Richard Cory

Introduction

Richard Cory

Whenever Richard Cory went down town, We people on the pavement looked at him: He was a gentleman from sole to crown, Clean favored, and imperially slim. And he was always quietly arrayed, And he was always human when he talked; But still he fluttered pulses when he said, "Good-morning," and he glittered when he walked. And he was rich – yes, richer than a king – And admirably schooled in every grace: In fine, we thought that he was everything To make us wish that we were in his place. So on we worked, and waited for the light, And went without the meat, and cursed the bread; And Richard Cory, one calm summer night, Went home and put a bullet through his head.

"Richard Cory" is a narrative poem written by Edwin Arlington Robinson. It was first published in 1897, as part of The Children of the Night, having been completed in July of that year; and it remains one of Robinson's most popular and anthologized poems.[1] The poem describes a person who is wealthy, well educated, mannerly, and admired by the people in his town. Despite all this, he fatally shoots himself in the head.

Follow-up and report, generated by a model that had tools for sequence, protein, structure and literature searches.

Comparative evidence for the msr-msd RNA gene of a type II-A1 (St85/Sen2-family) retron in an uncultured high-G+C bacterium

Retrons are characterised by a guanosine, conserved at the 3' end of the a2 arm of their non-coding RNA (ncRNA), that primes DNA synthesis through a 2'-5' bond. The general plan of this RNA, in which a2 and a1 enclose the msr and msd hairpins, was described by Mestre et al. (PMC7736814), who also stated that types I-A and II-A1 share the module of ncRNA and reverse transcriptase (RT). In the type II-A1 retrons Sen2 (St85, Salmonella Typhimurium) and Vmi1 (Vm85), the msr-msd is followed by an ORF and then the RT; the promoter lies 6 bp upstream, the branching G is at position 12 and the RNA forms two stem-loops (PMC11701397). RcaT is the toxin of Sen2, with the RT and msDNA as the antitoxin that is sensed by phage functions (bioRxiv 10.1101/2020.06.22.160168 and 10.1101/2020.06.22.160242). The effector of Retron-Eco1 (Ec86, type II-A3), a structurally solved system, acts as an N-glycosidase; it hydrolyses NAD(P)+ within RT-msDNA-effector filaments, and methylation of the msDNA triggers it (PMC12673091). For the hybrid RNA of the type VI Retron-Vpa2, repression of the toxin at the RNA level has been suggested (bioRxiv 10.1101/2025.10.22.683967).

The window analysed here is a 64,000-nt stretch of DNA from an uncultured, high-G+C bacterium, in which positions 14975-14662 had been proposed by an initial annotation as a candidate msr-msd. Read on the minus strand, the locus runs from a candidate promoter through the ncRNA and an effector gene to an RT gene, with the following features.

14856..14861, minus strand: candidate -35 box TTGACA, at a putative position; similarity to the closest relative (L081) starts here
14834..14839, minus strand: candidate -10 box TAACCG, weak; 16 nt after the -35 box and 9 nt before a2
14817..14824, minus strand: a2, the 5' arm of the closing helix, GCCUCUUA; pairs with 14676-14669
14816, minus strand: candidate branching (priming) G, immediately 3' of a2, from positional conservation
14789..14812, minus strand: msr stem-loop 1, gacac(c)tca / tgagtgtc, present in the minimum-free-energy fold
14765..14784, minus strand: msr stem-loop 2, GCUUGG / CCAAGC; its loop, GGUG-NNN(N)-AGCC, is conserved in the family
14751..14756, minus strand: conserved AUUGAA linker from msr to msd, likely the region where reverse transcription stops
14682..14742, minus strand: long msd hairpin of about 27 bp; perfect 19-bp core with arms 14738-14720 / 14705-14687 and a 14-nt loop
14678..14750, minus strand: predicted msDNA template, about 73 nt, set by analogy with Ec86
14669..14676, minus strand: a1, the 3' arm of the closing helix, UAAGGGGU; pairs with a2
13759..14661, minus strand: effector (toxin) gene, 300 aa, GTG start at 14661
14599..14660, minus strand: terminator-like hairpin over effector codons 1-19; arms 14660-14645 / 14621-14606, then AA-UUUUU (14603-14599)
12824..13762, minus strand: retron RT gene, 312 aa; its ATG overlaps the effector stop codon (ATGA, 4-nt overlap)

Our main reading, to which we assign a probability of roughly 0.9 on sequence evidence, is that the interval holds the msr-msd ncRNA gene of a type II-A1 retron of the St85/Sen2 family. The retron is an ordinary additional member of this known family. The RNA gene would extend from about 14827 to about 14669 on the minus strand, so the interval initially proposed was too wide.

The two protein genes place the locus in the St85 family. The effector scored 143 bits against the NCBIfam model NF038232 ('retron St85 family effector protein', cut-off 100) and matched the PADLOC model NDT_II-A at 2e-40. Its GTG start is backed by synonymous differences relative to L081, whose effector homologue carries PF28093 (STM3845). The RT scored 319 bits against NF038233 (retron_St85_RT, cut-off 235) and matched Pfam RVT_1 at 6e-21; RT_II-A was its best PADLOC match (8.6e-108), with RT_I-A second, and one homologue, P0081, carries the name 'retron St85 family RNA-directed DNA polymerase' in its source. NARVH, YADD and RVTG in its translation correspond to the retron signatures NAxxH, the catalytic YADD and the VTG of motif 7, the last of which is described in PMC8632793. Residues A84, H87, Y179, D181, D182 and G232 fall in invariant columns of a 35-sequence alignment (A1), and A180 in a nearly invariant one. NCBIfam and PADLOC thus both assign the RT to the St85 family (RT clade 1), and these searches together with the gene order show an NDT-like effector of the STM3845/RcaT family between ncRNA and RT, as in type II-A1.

The song "Richard Cory", written by Paul Simon and recorded by Simon & Garfunkel for their second studio album, Sounds of Silence, was based on this poem.


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